There are three plenary talks on the conference and one on the pre-conference workshop:
Prof. R. Harald Baayen - University of Alberta -
Resource requirements for neo-generative modeling in (psycho)linguistics [ abstract ]
Main Conference Plenaries
- Prof. Heike Behrens - University of Basel -
What Counts? the Graded Nature of Rule Abstraction in Child Language
Quantitative corpus linguistics plays a decisive role in usage-based, constructivist approaches to language acquisition. First, evidence is needed that the input available to the child provides the necessary information for abstracting the target language system(s). Second, the distributional properties of the language input and its uptake by the learner help to identify the learning mechanisms, especially with regard to refining the relative contribution of functional factors and perceptual factors like salience and frequency. Recent research has shown that the input available to the child highlights a subset of the linguistic system in which the basic morphological and syntactic properties are available in a rather consistent fashion. The findings give rise to a third perspective in quantitative acquisition research: what does the child generalize over? If we assume that children do not have access to adult-like categories, and do not command the full range of options of a particular structure, we have to define how to conceive of the intermediate levels of acquisition. In this presentation I will use extensive corpus data on German child language to show how German noun inflection (plural classes, declension classes) is acquired through a gradual generalization over the phonotactic properties of the noun root. This results in acquisition sequences that are largely error-free although or because the underlying generalizations are rather local.
- Dr. Hermann Moisl - University of Newcastle upon Tyne -
Corpus-Based Generation of Linguistic Hypotheses using Quantitative Methods
In linguistics as in other sciences, the de facto standard methodology is based on Karl Popper's concept of the falsifiable hypothesis, whereby a hypothesis is proposed in answer to a research question about some domain of interest and then tested by observation of the domain. Because of their centrality, it is natural to ask how hypotheses are generated.
The consensus in philosophy of science is that hypothesis generation is non-algorithmic, that is, not reducible to a formula, but is rather driven by human intellectual creativity in response to a research question using a combination of deductive inference from existing axioms and theorems, and inductive inference of generalizations from observation of the domain. Hypothesis generation by deductive inference has long been dominant in generative linguistics and, to a lesser extent, in other subdisciplines like historical linguistics and sociolinguistics. The advent in recent decades of large amounts of digital electronic text amenable to computational analysis has, however, made hypothesis generation by inductive inference viable. This paper shows how mathematical and statistical techniques such as cluster analysis and singular value composition can be used for that purpose.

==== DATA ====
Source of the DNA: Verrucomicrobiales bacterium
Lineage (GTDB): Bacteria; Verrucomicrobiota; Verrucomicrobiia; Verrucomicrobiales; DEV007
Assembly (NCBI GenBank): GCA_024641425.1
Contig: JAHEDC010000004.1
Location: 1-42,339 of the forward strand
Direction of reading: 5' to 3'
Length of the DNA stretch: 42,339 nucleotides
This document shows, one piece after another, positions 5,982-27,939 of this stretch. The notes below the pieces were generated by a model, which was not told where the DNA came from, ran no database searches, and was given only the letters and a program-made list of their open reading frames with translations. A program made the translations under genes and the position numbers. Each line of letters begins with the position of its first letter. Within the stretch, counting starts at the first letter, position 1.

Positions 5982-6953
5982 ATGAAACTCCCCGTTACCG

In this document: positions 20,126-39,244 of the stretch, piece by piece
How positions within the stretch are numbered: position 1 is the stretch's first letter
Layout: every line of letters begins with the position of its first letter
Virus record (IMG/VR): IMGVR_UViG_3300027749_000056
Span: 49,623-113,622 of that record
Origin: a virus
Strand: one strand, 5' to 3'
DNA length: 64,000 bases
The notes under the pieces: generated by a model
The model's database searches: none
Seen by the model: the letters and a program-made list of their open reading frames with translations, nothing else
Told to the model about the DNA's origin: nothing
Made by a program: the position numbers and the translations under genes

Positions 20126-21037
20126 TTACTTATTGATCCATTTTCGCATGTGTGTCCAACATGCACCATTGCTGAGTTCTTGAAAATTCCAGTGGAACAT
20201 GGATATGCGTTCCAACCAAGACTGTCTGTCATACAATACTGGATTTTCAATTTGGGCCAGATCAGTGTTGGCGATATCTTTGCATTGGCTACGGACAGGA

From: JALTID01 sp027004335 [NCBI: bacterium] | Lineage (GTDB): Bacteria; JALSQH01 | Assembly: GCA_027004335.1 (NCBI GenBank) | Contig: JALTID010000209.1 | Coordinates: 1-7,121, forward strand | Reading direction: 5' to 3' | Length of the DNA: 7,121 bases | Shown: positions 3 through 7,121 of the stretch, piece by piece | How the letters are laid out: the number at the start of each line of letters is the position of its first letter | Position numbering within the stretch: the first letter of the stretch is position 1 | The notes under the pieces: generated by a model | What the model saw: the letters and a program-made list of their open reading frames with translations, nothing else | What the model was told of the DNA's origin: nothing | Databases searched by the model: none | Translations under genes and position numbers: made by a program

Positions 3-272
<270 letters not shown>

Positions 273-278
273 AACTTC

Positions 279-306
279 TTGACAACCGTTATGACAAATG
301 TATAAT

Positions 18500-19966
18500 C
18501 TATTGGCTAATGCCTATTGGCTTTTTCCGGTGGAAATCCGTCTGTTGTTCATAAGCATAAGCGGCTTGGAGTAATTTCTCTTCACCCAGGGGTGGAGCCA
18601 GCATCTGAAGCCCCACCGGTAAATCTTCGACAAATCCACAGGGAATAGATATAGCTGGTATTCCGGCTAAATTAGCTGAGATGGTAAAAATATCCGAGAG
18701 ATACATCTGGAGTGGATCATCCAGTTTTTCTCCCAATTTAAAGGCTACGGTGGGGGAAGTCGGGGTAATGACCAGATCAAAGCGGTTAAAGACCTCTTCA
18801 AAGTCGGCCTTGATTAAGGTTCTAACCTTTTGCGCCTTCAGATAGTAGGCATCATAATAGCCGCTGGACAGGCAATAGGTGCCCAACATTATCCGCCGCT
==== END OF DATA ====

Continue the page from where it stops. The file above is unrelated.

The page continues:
- Prof. Ingo Plag - University of Siegen -
Compound Stress Assignment Emerges from the Lexicon
In both psycholinguistic and theoretical-linguistic circles there is a debate about the nature and role of symbolic rules, associative networks, and analogical or exemplar-based models in the organization of language in general, and of morphology and the lexicon in particular. Compounding has featured prominently in this debate and the present paper complements this line of research by focussing on an aspect of semi-regularity in compounds that had received little attention until a few years back: stress assignment in English noun-noun compounds.
English noun-noun compounds are traditionally assumed to be subject to the Compound Stress Rule, which states that the left-hand constituent is more prominent than the right-hand constituent. However, not all English noun-noun compounds abide to the Compound Stress Rule (cf. for example, ópera glasses, wátch-maker and Óxford Street versus steel brídge, morning páper, and Madison Ávenue). Rightward stress is far from exceptional, and the nature of the observable variability is still under debate.
In this paper I will argue that compound stress assignment emerges from the lexicon. We carried out a number of experimental and corpus-based quantitative and computational studies of a large number of English compounds that show that deterministic, rule-based approaches are not very successful in predicting compound stress. In contrast, it is possible to use the individual properties of stored compounds and different types of lexical relatedness between these compounds to successfully model compound stress assignment. This modeling can be done with the help of different kinds of multiple regression or by using analogical computational algorithms. Depending on the respective data set, these models vary in their predictive accuracy, but generally outperform deterministic models.
Our results are in line with the bulk of more recent psycholinguistic research on lexical processing and are impossible to account for under a rule-based theory of compound stress.